What Muslims face now, however, is a disease of another order. There has never been a time in their history when Khwarij have dominated the scene as they now do. And there has never been a time in the past 1,430 years of Muslim history when such an internal revolt was so widespread. What Muslims have today is a global movement of Khwarij of two types: there are those whose beliefs have been corrupted “in the name of Islam,” and there are those who have become Kharajites because they have become “secular Muslims”–another oxymoron.

Both cases have produced the same result: extremists. Thus, there are two kinds of extremists: those who have left the Middle Path of the Qur’an and Sunnah, through a self-delusion they call “in the name of Islam,” and those who have chosen to abandon it as a reaction to what they see in their societies, or because their belief has eroded through what they received as education. These two kinds of extremists now fill the foreground of Pakistan’s national life, just as they are the prime focus of a global crusade launched by the United States of America to reshape the Muslim world according to its own needs and priorities and to secure its global hegemony.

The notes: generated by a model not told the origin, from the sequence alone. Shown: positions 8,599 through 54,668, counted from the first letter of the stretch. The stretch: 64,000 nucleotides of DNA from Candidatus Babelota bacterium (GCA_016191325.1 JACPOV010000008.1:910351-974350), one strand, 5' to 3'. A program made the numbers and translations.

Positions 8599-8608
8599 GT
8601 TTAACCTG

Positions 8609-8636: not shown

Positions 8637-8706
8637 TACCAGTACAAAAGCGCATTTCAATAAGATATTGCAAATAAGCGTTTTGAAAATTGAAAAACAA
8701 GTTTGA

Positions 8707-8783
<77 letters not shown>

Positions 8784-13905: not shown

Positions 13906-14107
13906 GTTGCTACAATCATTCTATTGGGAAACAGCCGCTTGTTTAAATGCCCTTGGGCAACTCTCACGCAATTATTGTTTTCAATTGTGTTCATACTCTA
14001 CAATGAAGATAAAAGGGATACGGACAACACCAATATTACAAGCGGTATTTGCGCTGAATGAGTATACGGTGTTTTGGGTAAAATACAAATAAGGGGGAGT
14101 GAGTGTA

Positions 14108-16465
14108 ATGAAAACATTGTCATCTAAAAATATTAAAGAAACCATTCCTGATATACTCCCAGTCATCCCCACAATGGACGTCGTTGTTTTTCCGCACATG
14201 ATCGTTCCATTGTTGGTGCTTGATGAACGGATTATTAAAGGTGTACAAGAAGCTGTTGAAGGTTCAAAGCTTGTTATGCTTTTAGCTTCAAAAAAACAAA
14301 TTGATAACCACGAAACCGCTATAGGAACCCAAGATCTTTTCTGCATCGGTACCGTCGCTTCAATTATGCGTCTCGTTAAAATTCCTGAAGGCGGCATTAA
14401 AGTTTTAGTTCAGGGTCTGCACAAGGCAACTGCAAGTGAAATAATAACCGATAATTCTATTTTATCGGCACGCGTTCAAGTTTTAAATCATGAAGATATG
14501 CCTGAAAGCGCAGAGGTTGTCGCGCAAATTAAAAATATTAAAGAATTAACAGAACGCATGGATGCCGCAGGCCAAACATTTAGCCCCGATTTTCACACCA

Whether national or global, individuals in both camps of extremists now face each other in a clash that invariably results in violence. It is a random and undifferentiating violence that engulfs everyone who happens to be within its range. Innocent lives are thus lost in a conflict that has now become like a simmering war between two sets of modern-day kharajites. There are global shifts in the intensity of this conflict: at times it emerges in Algeria, at others, it dominates FATA or the Swat valley in Pakistan, or raises its ugly head in Iraq. But wherever it emerges, it has the same underlying source: a distortion of beliefs. It is, therefore, important to understand the roots and varieties of both kinds of extremism and explore ways to deal with them. (The News, 3 Feb 2009)

(This is the first of a three-part series of articles.)

The writer is a freelance columnist. Email: